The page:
Check out my new course Learn you some Lambda best practice for great good! and learn the best practices for performance, cost, security, resilience, observability and scalability.
Serverless architectures are microservices by default, you need correlation IDs to help debug issues that spans across multiple functions, and possibly different event source types – asynchronous, synchronous and streams.
This is the last of a 3-part mini series on managing your AWS Lambda logs.
If you haven’t read part 1 yet, please give it a read now. We’ll be building on top of the basic infrastructure of shipping logs from CloudWatch Logs detailed in that post.
part 1 : centralise logging
part 2: tips and tricks
Why correlation IDs?
As your architecture becomes more complex, many services have to work together in order to deliver the features your users want.
When everything works, it’s like watching an orchestra, lots of small pieces all acting independently whilst at the same time collaborating to form a whole that’s greater than the sum of its parts.
However, when things don’t work, it’s a pain in the ass to debug. Finding that one clue is like finding needle in the haystack as there are so many moving parts, and they’re all constantly moving.
Imagine you’re an engineer at Twitter and trying to debug why a user’s tweet was not delivered to one of his followers’ timeline.
“Let me cross reference the logs from hundreds of services and find the logs that mention the author’s user ID, the tweet ID, or the recipient’s user ID, and put together a story of how the tweet flowed through our system and why it wasn’t delivered to the recipient’s timeline.”
“What about logs that don’t explicitly mention those fields?”
“mm… let me get back to you on that…”
Needle in the haystack.
This is the problem that correlation IDs solve in the microservice world – to tag every log message with the relevant context so that it’s easy to find them later on.
Aside from common IDs such as user ID, order ID, tweet ID, etc. you might also want to include the X-Ray trace ID in every log message. That way, if you’re using X-Ray with Lambda then you can use it to quickly load up the relevant trace in the X-Ray console.
Also, if you’re going to add a bunch of correlation IDs to every log message then you should consider switching to JSON. Then you need to update the
ship-logs function we introduced in part 1 to handle log messages that are formatted as JSON.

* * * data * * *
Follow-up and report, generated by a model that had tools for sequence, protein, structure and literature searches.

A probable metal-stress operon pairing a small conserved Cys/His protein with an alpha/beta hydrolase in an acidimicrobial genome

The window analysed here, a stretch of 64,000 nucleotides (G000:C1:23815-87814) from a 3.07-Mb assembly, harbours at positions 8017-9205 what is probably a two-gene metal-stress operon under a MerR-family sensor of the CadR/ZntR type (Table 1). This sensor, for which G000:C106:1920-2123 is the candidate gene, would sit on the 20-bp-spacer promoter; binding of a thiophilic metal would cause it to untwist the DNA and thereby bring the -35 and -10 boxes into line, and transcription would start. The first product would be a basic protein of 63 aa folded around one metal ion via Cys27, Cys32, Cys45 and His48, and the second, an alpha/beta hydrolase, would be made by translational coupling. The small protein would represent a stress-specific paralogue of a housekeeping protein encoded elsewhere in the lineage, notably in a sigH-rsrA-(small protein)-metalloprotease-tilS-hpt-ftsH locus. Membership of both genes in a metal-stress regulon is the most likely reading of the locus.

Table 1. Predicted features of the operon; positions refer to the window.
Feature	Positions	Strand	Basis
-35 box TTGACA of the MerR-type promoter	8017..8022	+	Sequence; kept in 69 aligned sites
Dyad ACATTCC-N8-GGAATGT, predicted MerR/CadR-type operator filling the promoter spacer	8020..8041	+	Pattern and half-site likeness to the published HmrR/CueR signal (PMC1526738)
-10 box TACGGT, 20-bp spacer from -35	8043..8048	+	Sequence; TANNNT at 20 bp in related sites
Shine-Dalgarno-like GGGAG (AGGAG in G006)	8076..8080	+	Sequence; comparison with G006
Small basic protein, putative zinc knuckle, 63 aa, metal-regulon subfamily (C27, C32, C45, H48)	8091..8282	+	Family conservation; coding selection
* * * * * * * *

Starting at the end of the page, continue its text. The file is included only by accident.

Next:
Enable debug logging on entire call chain
Another common problem people run into, is that by the time we realise there’s a problem in production we find out that the crucial piece of information we need to debug the problem is logged as DEBUG, and we disable DEBUG logs in production because they’re too noisy.
“Darn it, now we have to enable debug logging and redeploy all these services! What a pain!”
“Don’t forget to disable debug logging and redeploy them, after you’ve found the problem ;-)”
Fortunately it doesn’t have to be a catch-22 situation. You can enable DEBUG logging on the entire call chain by:
- make the decision to enable DEBUG logging (for say, 5% of all requests) at the edge service
- pass the decision on all outward requests alongside the correlation IDs
- on receiving the request from the edge service, possibly through async event sources such as SNS, the intermediate services will capture this decision and turn on DEBUG logging if asked to do so
- the intermediate services will also pass that decision on all outward requests alongside the correlation IDs
Capture and forward correlation IDs
With that out of the way, let’s dive into some code to see how you can actually make it work. If you want to follow along, then the code is available in this repo, and the architecture of the demo project looks like this:
We can take advantage of the fact that concurrency is now managed by the platform, which means we can safely use global variables to store contextual information relevant for the current invocation.
In the handler function we can capture incoming correlation IDs in global variables, and then include them in log messages, as well as any outgoing messages/HTTP requests/events, etc.
To abstract away the implementation details, let’s create a
requestContextmodule that makes it easy to fetch and update these context data: